Dr. Jerri Nielsen, 47, returned to the United States last week after the U.S. National Guard air-lifted her from the National Rescued From The South Pole, Dr. Nielsen Confirms She Has Breast Cancer (dateline October 26, 1999) | Breast Health News | Imaginis - The Women's Health & Wellness Resource Network

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Rescued From The South Pole, Dr. Nielsen Confirms She Has Breast Cancer (dateline October 26, 1999)

Dr. Jerri Nielsen, 47, returned to the United States last week after the U.S. National Guard air-lifted her from the National Science Foundation’s Amundsen-Scott research station at the South Pole on October 16, 1999. Dr. Nielsen, who first detected a lump in her breast last June, had been corresponding via e-mail with medical oncologist Dr. Kathy Miller of Indiana University Cancer Center in Indianapolis. Last week, Dr. Nielsen traveled to Indianapolis for a follow-up on her condition and was admitted to the IU Hospital. A day before her release from the hospital last Wednesday, Dr. Nielsen issued a statement confirming that she has breast cancer.

In an interview with the Indianapolis Star, Dr. Miller said she believed Dr. Nielsen’s cancer probably originated in the breast milk ducts, where breast cancer most commonly originates. Dr. Miller was able to diagnose Dr. Nielsen’s condition from microscopic images of cancer cells sent electronically from her patient at the South Pole. Dr. Nielsen, who was air-dropped medical equipment and supplies in July, had performed several needle biopsies on herself using local anesthesia. After Dr. Miller made the breast cancer diagnosis in July, Dr. Nielsen began giving herself intravenous chemotherapy (injected through a vein) and hormone treatment (presumably tamoxifen) to shrink the tumor. Dr. Miller was able to supervise each chemotherapy session through video-conferencing equipment. Dr. Nielsen’s treatment was modified to reduce side effects and allow her to continue her function as the only medical doctor on the South Pole research station.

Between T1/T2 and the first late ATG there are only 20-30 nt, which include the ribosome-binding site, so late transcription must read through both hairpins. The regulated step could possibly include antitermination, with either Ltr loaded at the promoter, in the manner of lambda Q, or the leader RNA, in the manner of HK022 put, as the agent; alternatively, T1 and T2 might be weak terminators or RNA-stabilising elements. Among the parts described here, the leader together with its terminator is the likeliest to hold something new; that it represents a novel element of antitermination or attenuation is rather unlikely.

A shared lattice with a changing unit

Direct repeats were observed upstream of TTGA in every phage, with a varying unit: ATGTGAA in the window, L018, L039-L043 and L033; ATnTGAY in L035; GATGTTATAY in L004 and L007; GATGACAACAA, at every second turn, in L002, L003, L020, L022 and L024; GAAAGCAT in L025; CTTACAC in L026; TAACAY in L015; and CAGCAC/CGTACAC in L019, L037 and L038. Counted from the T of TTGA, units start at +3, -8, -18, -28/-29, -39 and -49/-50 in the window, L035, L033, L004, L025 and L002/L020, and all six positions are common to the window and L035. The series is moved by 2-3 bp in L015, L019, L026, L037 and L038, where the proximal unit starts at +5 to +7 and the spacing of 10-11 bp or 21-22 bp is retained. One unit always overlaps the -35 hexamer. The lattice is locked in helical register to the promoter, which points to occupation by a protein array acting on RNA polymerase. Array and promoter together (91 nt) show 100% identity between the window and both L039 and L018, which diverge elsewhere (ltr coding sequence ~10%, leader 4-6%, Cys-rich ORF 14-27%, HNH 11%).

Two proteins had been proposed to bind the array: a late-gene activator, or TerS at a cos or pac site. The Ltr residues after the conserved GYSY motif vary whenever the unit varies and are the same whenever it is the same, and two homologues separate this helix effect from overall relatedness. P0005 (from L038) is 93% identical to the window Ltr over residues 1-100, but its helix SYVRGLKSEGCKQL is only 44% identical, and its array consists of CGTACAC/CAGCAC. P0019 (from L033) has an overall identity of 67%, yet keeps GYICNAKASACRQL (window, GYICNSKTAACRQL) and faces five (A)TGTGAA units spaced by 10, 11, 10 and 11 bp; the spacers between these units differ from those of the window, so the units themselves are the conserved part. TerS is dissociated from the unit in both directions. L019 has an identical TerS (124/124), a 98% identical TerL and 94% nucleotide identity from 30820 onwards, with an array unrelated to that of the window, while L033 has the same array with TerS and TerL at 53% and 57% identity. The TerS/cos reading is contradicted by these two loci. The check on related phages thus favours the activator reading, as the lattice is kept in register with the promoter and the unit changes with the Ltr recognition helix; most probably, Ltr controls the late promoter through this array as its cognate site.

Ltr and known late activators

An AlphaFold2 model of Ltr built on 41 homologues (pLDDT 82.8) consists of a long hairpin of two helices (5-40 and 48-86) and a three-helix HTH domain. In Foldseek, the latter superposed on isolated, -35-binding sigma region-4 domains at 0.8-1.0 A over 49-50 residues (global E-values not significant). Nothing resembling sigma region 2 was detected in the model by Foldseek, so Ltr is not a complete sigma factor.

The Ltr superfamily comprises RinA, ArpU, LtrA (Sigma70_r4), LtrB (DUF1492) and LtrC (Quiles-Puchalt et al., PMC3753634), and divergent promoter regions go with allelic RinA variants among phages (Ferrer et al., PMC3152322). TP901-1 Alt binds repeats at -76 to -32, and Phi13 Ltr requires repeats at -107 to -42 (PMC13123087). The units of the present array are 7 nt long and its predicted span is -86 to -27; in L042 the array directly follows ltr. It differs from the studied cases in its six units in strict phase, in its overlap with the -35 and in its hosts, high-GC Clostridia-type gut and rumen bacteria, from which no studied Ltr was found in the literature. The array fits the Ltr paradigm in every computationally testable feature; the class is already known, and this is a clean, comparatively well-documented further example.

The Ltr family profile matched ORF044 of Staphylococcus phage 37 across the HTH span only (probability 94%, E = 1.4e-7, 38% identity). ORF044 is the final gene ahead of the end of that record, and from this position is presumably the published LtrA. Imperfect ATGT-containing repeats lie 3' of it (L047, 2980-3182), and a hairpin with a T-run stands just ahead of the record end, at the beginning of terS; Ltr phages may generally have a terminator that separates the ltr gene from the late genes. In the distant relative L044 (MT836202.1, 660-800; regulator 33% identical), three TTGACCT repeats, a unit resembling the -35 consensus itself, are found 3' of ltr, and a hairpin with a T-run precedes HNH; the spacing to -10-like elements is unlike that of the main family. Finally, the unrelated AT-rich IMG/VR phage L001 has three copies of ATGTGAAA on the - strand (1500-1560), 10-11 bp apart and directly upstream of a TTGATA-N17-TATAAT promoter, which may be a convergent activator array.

The Initial Diagnosis

Dr. Miller admitted diagnosing Dr. Nielsen’s breast cancer from 11,600 miles away was extremely difficult. Her initial reaction was to order Dr. Nielsen’s evacuation from the South Pole last June and return her to the United States for diagnosis and treatment. However, Antarctica’s severe winter prevent planes from landing at the South Pole between March and October. During most of the winter, the average temperature is minus seventy-eight degrees Celsius (minus one hundred eight degrees Fahrenheit).

After learning she would not be able to leave the South Pole research station, Dr. Miller asked Dr. Nielsen’s colleagues if they believed Dr. Nielsen would be able to perform surgery on herself. (In 1961, a Soviet doctor in Antarctica removed his own appendix). Dr. Miller and other cancer experts then sent detailed instructions via email to help Dr. Nielsen and her colleagues diagnose and treat her condition, though extensive breast surgery such as lumpectomy or mastectomy would not be possible.

On June 22, Dr. Nielsen began performing breast biopsies on herself by inserting a needle into her breast and extracting fluid. The fluid was placed on a slide to dry, stained, and examined under a microscope to determine if cancer cells were present. Specimens were taken from a growth that appeared to be a cyst and from a larger breast lump.

Diagnosing breast cancer in a patient on the South Pole caused some technological difficulties, Dr. Miller told the Indianapolis Star. The station had a microscope but did not have the laboratory stains typically used to identify breast cancer cells. Pathologists had to come up with a procedure that would allow them to use a stain available at the station. Nielsen’s co-workers also modified a video camera to record microscopic images of breast cells that could be transmitted electronically to Dr. Miller in Indianapolis.